Catherine Opie

Since the early 1990s, Catherine Opie has produced a complex body of photographic work, creating series of images that explore notions of communal, sexual, and cultural identity. From her early portraits of queer subcultures to her expansive urban landscapes, Opie has offered profound insights into the conditions in which communities form and the terms in which they are defined. All the while she has maintained a strict formal rigor, working in lush and provocative color as well as richly toned black and white. Influenced by social documentary photographers such as Walker Evans, Dorothea Lange, and August Sander, Opie underscores and elevates the poignant yet unsettling veracity of her subjects.

The images are indeed unsettling. Raw and well observed.

Opie’s composition in Self-Portrait/Cutting depicts the artist’s bare back, into which the bleeding image of an otherwise idyllic scene of lesbian domesticity—two women frolicking in front of a house, depicted in a childlike, stick-figure scrawl—was cut with a scalpel. Inspired by a recent breakup, this drawing expresses the artist’s private emotions but also suggests how the politics of gender and sexual orientation can filter into individual lives. At the same time, the photograph co-opts the tradition of the female nude and presents Opie’s own skin as a canvas or a photographic emulsion upon which her desires are carved or captured.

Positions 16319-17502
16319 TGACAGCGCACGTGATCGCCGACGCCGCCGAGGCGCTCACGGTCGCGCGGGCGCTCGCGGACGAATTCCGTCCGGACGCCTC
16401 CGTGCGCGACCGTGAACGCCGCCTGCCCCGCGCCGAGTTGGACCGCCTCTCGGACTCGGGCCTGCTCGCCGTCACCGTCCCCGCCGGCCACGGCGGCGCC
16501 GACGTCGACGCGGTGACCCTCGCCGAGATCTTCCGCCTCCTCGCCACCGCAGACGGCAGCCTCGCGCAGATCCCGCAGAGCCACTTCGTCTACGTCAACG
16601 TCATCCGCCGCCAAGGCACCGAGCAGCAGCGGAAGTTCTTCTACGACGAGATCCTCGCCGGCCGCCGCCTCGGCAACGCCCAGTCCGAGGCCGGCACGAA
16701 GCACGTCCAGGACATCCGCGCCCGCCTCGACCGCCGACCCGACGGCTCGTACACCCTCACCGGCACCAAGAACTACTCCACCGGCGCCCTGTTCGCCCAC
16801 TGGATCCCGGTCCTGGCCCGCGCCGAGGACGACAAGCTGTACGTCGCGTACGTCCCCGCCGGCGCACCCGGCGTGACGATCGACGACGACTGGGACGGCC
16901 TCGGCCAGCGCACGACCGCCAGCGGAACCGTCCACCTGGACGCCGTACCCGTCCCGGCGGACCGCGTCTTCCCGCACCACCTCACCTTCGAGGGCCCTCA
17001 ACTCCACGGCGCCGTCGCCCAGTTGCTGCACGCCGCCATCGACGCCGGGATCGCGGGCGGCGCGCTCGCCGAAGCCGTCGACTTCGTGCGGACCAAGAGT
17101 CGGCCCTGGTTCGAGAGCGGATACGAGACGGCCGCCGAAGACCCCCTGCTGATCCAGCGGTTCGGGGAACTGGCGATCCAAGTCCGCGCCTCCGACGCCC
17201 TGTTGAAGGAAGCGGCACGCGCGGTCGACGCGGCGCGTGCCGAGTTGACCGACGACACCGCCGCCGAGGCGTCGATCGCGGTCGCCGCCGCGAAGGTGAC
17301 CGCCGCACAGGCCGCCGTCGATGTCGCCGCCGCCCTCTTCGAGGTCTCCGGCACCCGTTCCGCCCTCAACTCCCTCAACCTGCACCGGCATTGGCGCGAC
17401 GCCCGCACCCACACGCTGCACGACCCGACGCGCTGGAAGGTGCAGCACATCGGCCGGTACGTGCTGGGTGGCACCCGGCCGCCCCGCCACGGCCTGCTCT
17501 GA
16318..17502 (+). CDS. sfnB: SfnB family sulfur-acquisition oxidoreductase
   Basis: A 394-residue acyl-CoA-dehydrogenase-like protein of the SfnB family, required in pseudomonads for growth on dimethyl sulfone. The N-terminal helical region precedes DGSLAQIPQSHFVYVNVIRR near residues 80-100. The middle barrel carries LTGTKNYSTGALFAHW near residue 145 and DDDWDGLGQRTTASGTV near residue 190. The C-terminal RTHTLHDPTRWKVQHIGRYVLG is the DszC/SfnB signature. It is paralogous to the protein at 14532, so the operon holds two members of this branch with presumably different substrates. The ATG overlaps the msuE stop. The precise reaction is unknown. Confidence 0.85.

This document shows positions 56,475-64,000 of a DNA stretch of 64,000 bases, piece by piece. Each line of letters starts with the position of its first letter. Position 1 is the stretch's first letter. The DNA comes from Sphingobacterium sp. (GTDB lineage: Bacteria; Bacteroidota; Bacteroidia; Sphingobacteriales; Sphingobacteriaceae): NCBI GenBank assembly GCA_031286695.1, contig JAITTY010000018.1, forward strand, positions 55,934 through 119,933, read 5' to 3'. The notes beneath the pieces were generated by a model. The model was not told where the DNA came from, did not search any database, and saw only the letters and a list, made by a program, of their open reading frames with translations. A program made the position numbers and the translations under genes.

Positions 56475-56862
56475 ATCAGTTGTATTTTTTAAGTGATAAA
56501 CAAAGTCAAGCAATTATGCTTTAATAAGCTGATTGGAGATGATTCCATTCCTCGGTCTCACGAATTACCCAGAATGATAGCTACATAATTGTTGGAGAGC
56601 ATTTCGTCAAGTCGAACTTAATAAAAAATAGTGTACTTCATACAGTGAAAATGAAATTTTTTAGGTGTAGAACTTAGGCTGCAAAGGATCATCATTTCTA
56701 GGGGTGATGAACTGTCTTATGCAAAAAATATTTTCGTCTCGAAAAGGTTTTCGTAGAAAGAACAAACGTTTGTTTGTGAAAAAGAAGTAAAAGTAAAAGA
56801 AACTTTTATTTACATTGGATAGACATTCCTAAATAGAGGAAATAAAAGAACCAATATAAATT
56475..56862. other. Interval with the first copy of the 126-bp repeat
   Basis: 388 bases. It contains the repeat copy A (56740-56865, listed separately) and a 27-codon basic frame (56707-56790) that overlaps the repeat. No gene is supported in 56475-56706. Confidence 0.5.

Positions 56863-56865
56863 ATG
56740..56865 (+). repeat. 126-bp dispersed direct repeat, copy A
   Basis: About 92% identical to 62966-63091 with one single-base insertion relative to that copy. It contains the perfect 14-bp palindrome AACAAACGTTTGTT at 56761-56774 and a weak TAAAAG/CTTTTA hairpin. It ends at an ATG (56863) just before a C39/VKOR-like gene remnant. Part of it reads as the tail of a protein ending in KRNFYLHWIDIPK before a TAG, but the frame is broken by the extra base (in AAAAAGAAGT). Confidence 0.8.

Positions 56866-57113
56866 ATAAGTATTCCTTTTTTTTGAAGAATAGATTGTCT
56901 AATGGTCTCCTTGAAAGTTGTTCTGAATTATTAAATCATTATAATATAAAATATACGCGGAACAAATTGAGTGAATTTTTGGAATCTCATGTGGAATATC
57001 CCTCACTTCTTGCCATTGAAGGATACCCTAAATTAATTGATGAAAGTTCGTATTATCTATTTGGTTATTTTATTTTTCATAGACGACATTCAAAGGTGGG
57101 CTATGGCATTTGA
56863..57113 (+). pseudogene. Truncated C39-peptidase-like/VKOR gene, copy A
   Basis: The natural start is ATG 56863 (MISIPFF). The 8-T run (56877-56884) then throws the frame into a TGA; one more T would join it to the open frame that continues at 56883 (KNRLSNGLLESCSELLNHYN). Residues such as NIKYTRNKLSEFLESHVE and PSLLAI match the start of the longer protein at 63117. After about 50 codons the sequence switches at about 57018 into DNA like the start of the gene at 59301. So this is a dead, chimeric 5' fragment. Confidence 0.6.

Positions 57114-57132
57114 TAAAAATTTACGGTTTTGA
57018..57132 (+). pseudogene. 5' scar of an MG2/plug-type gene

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The use of blood as paint, and her body as a canvas. In this respect her work, or this body of her work links in towards my project. It is certainly academically relevant

A very interesting intelligent, and perceptive interview with her here….  here.

http://www.vice.com/en_uk/read/catherine-opie-934-v16n7

and here..

http://museemagazine.com/art-2/features/catherine-opie-interview/

Interesting quote. Again I like the way she references her portraits.. I think it will be important to avoid the “vacant” look.

“My women embody space, they look back at you, they look off at you, I’ve always treated women in relationship to holding a sort of power within the frame and a lot of male photographers photograph the woman only as object. My portraits are never about objects they’re always still about a person. I never think of the body as an object. Do you think my photographs look as such?”